I landed in Belgium on a cold and gloomy Sunday. In late May. After having spent the past week in a very warm Granada and quite hot Lisbon. Going from summer to the equivalent of the worst day in a California winter was a disorienting transition to say the least. But I suppose the weather is what makes for an authentic experience.
I was only in Brussels for about 48 hours. A brief stopover before heading to Paris. It was my first time in Belgium, and it was my first true solo trip to a country that felt truly foreign. I didn’t overly plan the trip, so I felt free to wander, vaguely in the direction of famed landmarks, stopping frequently for fries, beer and waffles.
I’ll admit I wasn’t swept off my feet by Brussels. I wasn’t expecting to be. Among the many glorious cities in Europe, Brussels hardly stands out. And the foggy weather doesn’t help. But having spent only 48 hours there, who am I to judge.
I opted to stay at an Airbnb in Ixelles. A traditional apartment house with different rooms on each level. It was incredibly spacious with high ceilings and large garden windows. The perfect cozy haven from the gloom outside.
I got to the city mid-morning, taking the train in from the airport and dropping things off at the Airbnb before heading out to explore, starting at Palais de Bruxelles and making my way around the many museums in the area. The streets and the architecture felt undeniably European, but in an unremarkable way. Official, but boring, I remember thinking. It made sense why its home to the European Union.
a warm coffee break @ fika
Since it was a Sunday, a lot of stores were closed. So I spent a lot of the day admiring the cute closed storefronts. They’d be a lot cuter if they were open.
The next morning I started with the greatest hits, walking over to Grand-Place. It was early enough for the galleries to be relatively empty, but by the time I finished a sweet breakfast at Maison Dandoy, tourist groups had started to coalesce in the square.
The streets felt notably busier than Sunday. The traffic and construction made for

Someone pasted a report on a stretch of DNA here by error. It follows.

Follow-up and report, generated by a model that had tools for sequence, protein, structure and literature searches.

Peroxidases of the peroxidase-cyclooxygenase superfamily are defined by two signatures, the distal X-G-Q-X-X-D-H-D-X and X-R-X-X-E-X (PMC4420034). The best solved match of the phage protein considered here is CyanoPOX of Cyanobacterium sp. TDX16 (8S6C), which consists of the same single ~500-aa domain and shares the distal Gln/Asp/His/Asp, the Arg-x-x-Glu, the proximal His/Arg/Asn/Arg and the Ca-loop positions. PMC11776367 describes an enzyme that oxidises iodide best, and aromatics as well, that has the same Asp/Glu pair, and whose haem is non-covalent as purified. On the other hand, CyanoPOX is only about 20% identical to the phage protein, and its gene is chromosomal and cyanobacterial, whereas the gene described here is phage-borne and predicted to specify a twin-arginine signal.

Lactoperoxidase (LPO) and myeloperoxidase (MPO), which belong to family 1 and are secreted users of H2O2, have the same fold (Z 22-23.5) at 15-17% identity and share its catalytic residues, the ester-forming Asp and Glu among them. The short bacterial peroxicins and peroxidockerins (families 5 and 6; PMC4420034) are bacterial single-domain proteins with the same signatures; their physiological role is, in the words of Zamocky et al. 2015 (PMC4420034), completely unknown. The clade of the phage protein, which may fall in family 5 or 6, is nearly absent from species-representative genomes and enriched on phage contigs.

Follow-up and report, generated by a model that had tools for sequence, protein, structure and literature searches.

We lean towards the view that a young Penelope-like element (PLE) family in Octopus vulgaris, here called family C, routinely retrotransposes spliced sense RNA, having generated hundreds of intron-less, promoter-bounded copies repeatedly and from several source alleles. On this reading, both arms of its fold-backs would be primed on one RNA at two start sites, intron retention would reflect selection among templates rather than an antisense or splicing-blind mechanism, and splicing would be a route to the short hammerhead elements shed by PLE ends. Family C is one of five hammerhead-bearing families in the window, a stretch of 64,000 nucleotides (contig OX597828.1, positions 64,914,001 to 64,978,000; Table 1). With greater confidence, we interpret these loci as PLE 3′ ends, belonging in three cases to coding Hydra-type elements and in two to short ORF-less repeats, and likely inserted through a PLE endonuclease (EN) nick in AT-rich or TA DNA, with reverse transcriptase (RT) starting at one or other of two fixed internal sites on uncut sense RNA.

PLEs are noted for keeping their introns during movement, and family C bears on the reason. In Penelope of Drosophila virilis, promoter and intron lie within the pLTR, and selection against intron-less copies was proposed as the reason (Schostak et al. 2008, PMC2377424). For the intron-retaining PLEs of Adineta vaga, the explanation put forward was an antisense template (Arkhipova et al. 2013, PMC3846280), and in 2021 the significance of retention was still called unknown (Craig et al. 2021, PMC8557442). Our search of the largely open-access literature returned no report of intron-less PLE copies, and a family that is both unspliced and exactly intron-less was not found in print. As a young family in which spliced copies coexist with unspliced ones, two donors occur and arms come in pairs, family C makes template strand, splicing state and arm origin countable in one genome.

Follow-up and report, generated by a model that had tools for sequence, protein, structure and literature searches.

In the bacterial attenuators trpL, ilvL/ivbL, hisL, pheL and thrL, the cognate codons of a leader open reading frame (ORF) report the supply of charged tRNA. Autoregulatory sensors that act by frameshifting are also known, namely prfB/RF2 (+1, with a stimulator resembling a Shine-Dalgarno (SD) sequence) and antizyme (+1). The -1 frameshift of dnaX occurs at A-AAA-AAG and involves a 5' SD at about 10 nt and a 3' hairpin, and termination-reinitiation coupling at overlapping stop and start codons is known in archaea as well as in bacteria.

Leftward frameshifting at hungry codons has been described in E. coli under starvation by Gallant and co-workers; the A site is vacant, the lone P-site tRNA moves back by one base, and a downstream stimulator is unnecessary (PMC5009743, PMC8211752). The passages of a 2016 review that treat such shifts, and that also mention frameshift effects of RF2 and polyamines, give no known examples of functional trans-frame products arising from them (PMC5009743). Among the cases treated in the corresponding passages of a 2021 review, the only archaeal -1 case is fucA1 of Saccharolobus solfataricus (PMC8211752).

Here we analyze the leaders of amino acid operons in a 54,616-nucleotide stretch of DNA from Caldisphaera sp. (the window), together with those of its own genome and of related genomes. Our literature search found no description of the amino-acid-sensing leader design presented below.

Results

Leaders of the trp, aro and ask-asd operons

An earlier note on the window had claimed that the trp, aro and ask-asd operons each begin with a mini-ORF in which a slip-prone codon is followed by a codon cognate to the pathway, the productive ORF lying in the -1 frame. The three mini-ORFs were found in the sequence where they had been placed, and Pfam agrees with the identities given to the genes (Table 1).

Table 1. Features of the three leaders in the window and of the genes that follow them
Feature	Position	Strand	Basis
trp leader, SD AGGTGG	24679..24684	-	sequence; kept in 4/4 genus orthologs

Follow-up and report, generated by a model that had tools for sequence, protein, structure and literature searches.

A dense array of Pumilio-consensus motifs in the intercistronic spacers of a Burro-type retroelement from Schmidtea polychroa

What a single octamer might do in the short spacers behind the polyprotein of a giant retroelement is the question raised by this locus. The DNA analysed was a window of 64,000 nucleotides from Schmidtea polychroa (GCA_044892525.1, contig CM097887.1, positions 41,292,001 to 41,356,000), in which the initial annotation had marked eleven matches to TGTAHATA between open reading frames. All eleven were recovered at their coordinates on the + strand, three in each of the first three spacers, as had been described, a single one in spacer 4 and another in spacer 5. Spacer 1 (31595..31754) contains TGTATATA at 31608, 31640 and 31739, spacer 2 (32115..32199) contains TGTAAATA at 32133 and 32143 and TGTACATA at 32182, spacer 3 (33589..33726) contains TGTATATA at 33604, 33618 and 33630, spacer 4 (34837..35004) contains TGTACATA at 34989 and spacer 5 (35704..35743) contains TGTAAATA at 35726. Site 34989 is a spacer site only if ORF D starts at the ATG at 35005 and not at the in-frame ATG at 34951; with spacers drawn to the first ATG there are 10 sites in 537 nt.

The greatest hits also of course had to include the street art. From the peeing statues to the cartoons on the walls, there’s no shortage of public art in this city, often tucked in corners, filling otherwise nondescript spaces in the city with colorful stories that add a lot of character to the streets, as you share them with these cartoon characters.
picked up some obligatory chocolate @ Laurent Gerbaud
checked out a church (as one does in Europe).
stumbled upon Halles Saint-Géry and appreciated how Bourse was decked out for pride.
took a deliberate detour to Mammouth for lunch.
grabbed a beer at Mort Subite.
Then passed by a lot of quiet government buildings and headed over to Parc du Cinquantenaire, which was just as quiet on the gloomy Monday. Kept up with the outdoor theme stopping by Le Botanique, which, you guessed it, was pretty empty and quiet.
The morning of day three, I got a quick breakfast at a cafe and took one last look at the 50 degrees and foggy city before catching a one way train to a sunnier Paris where everything was (rose) gold.
Brussels was, at first impression, underwhelming and cold. I thought, maybe this is the kind of place that is better to live and work in rather than travel to. But looking back, it does have a solid chance at charm. Maybe we’ll try it again during tulip season next time.